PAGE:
(Through texting)Today I asked her if she is free to go the doctor sometime this week and she said that she is not going there and I am free to call an ambulance to drag her there. I also asked if she doesn’t like this doc we can go to some other doc she recommends, but to that there was no reply.

Still in a dilemma about what to do.


#18

Pizza, i’m so sorry. But we do all understand fullytrying to get our loved ones help and not hospitalization. Sometimes hospitalization is the only way at least for my son. And it is almost as though he or the illness chooses it for him.
My son was much better when I saw him yesterday and we had a really good visit. He is so clear and I did not see any indication that he was hearing voices. He did get quiet at one period but seemed content. Then he said he wanted to go lay back down. The paranoia was not present but the grandiose ideas are still there.


#19

Hello all,
Sorry for not posting for a while.

After a lot of waiting anxiously, we admitted her to the hospital last Sunday. I could see her symptoms progressing from the last couple of months and now I could see she was always very anxious and irritated. The day we had planned to admit her (she didn’t know we were admitting her), she was getting very irritated by sounds of cars going in the neighbourhood, somebody running on the stairs of the building, faint music sounds coming from a religious function a few hundred meters away. These were the things she didn’t seem to mind earlier.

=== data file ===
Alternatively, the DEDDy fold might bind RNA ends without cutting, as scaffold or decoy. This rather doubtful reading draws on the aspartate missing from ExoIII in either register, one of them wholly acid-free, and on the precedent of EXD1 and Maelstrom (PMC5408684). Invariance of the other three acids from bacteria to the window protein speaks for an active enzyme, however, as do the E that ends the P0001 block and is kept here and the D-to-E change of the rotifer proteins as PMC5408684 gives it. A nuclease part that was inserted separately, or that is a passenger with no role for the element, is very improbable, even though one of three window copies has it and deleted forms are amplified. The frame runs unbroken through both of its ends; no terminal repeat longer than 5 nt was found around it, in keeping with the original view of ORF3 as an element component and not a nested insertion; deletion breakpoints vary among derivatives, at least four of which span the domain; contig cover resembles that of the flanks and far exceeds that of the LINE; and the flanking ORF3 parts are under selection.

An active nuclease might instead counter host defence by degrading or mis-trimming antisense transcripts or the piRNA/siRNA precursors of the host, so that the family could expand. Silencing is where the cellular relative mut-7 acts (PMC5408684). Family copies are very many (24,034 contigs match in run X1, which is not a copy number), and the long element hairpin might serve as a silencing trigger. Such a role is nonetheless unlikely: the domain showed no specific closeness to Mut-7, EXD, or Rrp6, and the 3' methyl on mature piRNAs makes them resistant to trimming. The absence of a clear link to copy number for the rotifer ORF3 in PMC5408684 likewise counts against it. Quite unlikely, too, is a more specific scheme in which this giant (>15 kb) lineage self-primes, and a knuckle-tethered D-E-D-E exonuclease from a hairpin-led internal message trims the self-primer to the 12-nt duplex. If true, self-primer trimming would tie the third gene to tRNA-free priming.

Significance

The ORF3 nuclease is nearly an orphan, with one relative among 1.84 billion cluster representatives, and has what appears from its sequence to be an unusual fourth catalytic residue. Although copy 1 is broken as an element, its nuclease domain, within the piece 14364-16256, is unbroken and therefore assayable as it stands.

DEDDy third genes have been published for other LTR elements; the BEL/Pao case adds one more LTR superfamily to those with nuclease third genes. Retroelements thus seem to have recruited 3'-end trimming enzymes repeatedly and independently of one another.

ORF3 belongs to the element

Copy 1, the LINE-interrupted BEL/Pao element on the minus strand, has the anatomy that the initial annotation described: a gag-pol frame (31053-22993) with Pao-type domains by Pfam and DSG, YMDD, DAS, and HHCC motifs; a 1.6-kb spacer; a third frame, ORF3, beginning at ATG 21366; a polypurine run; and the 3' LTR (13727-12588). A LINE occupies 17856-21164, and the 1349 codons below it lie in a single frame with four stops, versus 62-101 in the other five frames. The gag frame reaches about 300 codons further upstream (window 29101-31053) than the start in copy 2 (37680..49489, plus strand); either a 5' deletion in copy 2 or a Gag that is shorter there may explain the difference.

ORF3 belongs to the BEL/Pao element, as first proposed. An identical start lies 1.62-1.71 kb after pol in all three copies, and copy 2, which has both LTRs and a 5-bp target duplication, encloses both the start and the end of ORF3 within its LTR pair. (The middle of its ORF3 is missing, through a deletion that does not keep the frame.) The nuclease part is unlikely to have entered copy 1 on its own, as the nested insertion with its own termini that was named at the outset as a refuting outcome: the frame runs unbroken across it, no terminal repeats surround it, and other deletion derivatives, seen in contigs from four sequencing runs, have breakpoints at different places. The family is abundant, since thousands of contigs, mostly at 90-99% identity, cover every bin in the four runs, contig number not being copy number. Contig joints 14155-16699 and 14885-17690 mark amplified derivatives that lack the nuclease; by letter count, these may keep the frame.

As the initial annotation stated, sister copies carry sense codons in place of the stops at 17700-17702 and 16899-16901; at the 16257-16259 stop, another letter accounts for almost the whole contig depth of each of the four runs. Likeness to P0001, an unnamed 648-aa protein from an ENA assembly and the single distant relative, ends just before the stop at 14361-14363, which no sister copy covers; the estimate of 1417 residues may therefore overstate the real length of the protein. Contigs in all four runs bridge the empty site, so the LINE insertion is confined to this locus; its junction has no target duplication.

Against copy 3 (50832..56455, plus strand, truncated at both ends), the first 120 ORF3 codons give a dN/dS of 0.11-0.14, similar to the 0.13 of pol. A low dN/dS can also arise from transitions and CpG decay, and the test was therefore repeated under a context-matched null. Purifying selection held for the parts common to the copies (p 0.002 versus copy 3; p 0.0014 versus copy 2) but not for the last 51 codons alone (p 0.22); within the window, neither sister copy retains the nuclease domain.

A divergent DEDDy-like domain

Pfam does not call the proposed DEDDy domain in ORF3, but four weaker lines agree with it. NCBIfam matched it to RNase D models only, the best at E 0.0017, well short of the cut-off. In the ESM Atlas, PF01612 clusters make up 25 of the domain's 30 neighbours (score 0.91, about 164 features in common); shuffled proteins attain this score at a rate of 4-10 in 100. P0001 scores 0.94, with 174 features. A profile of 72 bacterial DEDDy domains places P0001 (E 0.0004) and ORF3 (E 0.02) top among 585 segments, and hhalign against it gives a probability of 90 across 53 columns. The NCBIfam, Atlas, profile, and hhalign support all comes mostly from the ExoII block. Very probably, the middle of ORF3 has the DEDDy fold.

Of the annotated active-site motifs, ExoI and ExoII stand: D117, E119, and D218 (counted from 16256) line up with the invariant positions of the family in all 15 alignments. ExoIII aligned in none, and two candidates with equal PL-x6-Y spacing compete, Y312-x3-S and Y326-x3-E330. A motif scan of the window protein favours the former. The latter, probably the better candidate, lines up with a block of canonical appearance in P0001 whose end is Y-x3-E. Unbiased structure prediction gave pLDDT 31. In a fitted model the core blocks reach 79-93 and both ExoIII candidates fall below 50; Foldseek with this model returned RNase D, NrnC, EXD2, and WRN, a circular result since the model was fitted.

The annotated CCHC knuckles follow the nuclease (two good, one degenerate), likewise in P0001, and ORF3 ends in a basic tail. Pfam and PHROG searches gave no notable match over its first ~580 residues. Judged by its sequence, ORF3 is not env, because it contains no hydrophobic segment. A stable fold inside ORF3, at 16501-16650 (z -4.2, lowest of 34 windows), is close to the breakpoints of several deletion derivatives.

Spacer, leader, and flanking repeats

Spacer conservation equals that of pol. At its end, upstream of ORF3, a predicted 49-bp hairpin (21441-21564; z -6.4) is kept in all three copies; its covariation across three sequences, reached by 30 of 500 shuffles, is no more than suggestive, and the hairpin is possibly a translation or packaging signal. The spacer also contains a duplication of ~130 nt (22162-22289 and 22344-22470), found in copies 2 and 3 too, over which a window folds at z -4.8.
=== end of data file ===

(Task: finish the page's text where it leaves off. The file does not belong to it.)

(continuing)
After calling the ambulance she didn’t get violent but argued a bit. After a while, she walked to the ambulance by herself. She was told that doctor has asked for some tests to be done and since she is not going to the doctor, the ambulance people have been called to take her there.

She is on aripiprazole since Monday. They have increased the dosage to 30mg day before yesterday. My dad has been with her all the time and she thinks that he believes that she is not ill, so she was okay about having him there.

Surprisingly, she called for our mother yesterday. Since the illness started she has always been thinking about our mother as someone who has been bought by her former employer into spying on her/mixing poison in her food. It was surprising to see her spending the whole day with her yesterday. However, she still thinks that me and my mom have admitted her there forcefully and she doesn’t think she is ill. (I think it is possible that she was acting to be good with mom so that we think she is normal now and we will get her discharged)

Doctors say that her thought process has still not changed and her delusions are still there. They have chosen aripiprazole because it has the least side effects (Amongst the drugs available in India) but however, it effects slowly. They say they hope to see some improvements in her in around 4 weeks.

I feel terrible as I had made the call to admit and she thinks the same. She told our dad that she doesn’t want to see my face as I called for the ambulance to admit her. I just want that she gets her career back even if she does not want to look at my face for her whole life.


#20

You have did the right thing, hard as it is , you have did for your sister what she couldn’t do herself.
It could well be she sees your Mum as the “softest” person, the one likely to get her out.
Here in uk it usually goes to the elder (husband) of the relative.

My son is on 20mg of aripiprazole and so far it’s been the best med he’s taken.
My son was the same he didn’t want to see it speak to us , that will change as your sister improves I’m sure.
Hang in there .